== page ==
14 Europe, in that part of Serbia and Yugoslavia.

15 The cabinet was fully aware that this was the only way forward to

16 greater economic prosperity and stability, and that only in this way would

17 Serbia soon be on its way to Europe and to the renewal of its membership

18 in all European and international organisations. There was the awareness

19 that peace in Kosovo and Metohija was a precondition of any future

20 prosperity in Yugoslavia, and this awareness existed throughout my time as

21 a member of the cabinet.

22 As a citizen of Serbia, I do have to express my deep satisfaction

23 that such a consensus exists even as we speak.

24 JUDGE CHOWHAN: When there was an agreement at Rambouillet, was it

25 brought to the attention of the cabinet; and if so, did the cabinet take a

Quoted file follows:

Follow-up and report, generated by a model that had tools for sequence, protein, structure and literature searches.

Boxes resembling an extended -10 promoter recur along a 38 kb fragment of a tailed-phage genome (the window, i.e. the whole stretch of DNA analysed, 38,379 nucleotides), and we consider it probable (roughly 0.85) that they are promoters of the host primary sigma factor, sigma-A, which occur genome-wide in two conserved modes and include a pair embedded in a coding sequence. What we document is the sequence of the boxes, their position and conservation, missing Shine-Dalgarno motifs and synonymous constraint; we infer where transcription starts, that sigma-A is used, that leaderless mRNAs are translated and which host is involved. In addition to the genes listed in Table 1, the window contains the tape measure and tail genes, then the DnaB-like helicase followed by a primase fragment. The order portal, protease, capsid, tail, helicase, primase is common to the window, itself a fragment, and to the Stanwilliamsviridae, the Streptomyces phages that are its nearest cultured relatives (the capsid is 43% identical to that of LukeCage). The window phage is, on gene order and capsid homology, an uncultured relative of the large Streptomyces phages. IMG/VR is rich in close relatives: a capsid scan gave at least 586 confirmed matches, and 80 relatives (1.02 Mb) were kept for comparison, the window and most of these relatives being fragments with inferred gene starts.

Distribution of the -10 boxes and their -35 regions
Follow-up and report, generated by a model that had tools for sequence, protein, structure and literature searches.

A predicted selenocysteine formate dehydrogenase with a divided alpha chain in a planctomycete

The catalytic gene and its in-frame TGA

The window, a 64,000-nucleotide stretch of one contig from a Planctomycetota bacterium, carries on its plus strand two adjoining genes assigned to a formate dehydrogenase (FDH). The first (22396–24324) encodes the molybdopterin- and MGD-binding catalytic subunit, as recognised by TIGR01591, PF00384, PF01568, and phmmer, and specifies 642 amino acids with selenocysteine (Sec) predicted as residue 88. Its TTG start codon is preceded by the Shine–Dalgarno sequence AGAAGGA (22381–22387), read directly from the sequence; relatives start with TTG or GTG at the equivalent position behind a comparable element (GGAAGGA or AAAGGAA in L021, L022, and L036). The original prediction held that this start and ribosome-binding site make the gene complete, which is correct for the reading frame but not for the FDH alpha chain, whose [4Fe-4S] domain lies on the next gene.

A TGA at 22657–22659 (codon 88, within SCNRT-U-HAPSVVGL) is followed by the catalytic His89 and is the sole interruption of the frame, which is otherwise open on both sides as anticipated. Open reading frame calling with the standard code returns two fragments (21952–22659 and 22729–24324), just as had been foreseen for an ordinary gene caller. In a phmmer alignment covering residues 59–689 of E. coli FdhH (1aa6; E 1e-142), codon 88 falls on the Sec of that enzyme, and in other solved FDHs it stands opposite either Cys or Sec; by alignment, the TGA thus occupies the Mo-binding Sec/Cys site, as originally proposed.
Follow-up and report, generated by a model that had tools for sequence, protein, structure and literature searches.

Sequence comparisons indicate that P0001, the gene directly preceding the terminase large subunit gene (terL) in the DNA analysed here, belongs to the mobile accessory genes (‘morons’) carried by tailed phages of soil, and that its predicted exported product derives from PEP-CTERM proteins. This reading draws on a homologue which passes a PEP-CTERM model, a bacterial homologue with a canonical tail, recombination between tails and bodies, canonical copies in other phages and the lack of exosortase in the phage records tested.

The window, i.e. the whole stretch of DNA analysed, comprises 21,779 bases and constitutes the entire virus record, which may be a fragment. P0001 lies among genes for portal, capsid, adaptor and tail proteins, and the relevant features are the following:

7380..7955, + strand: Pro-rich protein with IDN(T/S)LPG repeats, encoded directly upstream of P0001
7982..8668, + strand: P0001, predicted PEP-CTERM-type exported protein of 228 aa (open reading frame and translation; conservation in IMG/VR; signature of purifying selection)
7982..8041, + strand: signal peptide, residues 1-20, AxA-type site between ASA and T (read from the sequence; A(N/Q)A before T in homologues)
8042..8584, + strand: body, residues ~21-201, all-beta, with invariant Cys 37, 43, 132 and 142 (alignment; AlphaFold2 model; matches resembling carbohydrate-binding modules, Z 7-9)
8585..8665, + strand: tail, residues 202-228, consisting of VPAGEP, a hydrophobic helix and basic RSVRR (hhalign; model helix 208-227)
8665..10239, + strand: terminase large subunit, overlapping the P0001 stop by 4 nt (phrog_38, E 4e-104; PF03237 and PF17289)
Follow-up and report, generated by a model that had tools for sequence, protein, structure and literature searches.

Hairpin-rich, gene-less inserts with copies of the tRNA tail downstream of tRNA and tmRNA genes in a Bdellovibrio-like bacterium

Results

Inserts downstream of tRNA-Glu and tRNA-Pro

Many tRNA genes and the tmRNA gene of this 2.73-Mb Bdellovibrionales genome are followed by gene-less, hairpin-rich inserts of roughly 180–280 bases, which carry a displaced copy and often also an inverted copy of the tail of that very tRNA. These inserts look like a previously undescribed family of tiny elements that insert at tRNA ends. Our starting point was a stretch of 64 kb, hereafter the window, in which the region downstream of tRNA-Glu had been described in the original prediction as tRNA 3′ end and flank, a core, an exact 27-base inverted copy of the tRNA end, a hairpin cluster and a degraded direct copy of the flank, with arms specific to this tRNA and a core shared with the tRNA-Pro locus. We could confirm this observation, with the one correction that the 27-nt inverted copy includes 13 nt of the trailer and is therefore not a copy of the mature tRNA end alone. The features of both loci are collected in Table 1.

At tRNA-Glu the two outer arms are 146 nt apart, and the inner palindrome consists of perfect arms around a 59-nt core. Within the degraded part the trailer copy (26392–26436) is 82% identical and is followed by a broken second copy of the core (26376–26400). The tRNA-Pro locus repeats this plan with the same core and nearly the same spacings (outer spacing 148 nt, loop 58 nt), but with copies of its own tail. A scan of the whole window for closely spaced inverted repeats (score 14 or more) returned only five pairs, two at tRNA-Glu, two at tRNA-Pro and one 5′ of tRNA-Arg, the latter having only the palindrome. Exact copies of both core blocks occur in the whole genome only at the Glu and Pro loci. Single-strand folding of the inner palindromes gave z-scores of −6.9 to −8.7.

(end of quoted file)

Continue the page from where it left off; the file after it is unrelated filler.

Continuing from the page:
Page 14136

1 decision on that and was that voiced? Thank you, sir.

2 A. Your Honour, this may strike you as my personal private position,

3 but it was the position of my government, the cabinet of which I was a

4 member. There was no agreement that was reached in Rambouillet. It is a

5 pleasure to hear that Your Honour is inquiring about the political and

6 social aspects, which gives me an opportunity to say this: Any agreement

7 implies a consensus and goodwill on the part of all parties to

8 negotiations.

9 In Paris and in Rambouillet, there was no consensus, regrettably I

10 have to say, since Rambouillet was later used as a pretext for NATO's

11 aggression against Yugoslavia.

12 As for Rambouillet, I personally submitted a report to the federal

13 government about the problems and about the substance of the talks. There

14 is an official document which is included in this set of documents, and

15 this reflects accurately what position were is taken by the federal

16 government vis-a-vis the report.

17 Nothing about the so-called negotiations at Rambouillet and Paris,

18 nothing about the positions taken by Serbia and Yugoslavia, was a secret,

19 a secret for the public in Serbia or for the international public for that